W3C home > Mailing lists > Public > public-media-fragment@w3.org > September 2008

Re: Identifying vs Describing media URI fragments

From: Silvia Pfeiffer <silviapfeiffer1@gmail.com>
Date: Wed, 24 Sep 2008 19:12:30 +1000
Message-ID: <2c0e02830809240212h573e21c7u3e9cdbe5c880195b@mail.gmail.com>
To: "RaphaŽl Troncy" <Raphael.Troncy@cwi.nl>
Cc: "Media Fragment" <public-media-fragment@w3.org>

Hi Raphael,

On Wed, Sep 24, 2008 at 6:38 PM, RaphaŽl Troncy <Raphael.Troncy@cwi.nl> wrote:
> Thanks for your feedback. I understand better what you say, but we use a
> different terminology / semantics. Let me clarify:
>> I think our problem is that we have to do one (fragment specification)
>> to allow for the other (fragment linking). A further problem is
>> whether we just do fragment specification or go all the way to
>> fragment identification (through naming).
> What you call "fragment specification" is actually specifying the ID of the
> fragment. In my terminology, this is what I call the 'identification'
> although I'm fine with the term 'specification'.

I think you misunderstand me a bit. When I talk about fragment
specification, I just talk about the sheer definition of the fragment:
through time start/end points, or through spatial coordinates. That
specifies a fragment. It doesn't give it a name yet, i.e. it doesn't
give it an ID yet.

> What you call "fragment linking" is actually specifying the IDREF, or better
> said, reference with its ID a fragment previously specified/identified.

Again, I think you misunderstand me slightly. When I talk about
linking, I am talking about URIs. This can be done either by unnamed
reference of a fragment through its specification (e.g. time start/end
points in a URI) or by named and therefore identified fragments, i.e.
fragments with an ID.

If I understand you correctly, you are fundamentally assuming that a
fragment that hasn't received an ID cannot be referenced. I think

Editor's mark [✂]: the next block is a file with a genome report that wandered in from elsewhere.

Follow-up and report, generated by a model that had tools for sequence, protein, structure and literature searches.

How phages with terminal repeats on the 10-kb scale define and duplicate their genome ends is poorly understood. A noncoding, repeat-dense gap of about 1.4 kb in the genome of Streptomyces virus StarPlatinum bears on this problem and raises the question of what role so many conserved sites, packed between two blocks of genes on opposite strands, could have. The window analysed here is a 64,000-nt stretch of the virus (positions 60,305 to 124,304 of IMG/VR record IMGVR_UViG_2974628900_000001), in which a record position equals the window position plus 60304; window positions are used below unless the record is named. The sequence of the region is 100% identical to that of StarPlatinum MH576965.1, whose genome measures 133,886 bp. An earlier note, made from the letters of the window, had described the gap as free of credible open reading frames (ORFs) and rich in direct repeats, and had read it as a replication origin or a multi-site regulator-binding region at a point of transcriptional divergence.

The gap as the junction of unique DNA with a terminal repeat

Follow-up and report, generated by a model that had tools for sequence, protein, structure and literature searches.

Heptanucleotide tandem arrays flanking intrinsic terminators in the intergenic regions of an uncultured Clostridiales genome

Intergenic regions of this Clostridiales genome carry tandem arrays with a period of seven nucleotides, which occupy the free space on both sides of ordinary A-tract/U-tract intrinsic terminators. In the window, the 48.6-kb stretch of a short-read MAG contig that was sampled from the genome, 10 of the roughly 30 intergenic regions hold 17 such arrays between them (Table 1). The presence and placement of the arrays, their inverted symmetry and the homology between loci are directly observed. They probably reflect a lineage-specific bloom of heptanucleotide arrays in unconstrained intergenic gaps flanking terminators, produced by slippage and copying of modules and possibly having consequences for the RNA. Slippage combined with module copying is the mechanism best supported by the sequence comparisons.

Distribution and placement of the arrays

that's a very restrictive view.

> What you call "fragment identification" (through naming) is what I call the
> 'description' of the fragment, i.e. define the semantics of the fragment. I
> assume that the process of giving a label/name to a fragment is something
> that goes beyond the syntax, i.e. you do not consider the characters of the
> label/name as a random string, but rather as a meaningful one that makes
> sense for a human/agent. I would strongly prefer use the term 'description'
> for such a process. And my point is exactly: does this step fall into the
> scope of this WG?

I am confused with this definition. When you give a xml element an id
tag, e.g. id="asdfxyz", then you are naming that element. However,
there is not necessarily semantics involved. It just means that the
thing has a name. Like you are called Raphael - I still cannot assume
what kind of a character you are.

I believe semantics are far outside what we want to achieve in this
WG. However, we should be able to reference a fragment by its name,
which does not imply semantics, but provides means to attach semantics
through some other means.

>> For some things, the fragment specification & naming are obvious or
>> already available - not so for others.
> Giving a name with a well-defined semantics to an object is always
> subjective. Assuming I have specified a temporal fragment of a video, and I
> need to give a name to this fragment: for the machines, both the strings
> "id-3454645" and "kiss-scene" are equivalent. In both case, the machine will
> not understand what this fragment is about. Similarly, with only the
> fragment identifier, the machine will not know that this fragment points to
> a video encoded in the compression format x, under the resolution y, content
> which is also available on another media server with a different
> resolution/encoding, etc. This information is what I consider being part of
> the semantics of the fragment. The questio again is: does this fall into the
> scope of the WG?

Again, I do not understand your point. The strings "id-3454645" and
"kiss-scene" are just simple identifier of a segment and do not
provide any semantics other than the ones that happen in the human
mind by reading the name. However, defining a referencing scheme where
we can use the name to identify a fragment is a different thing and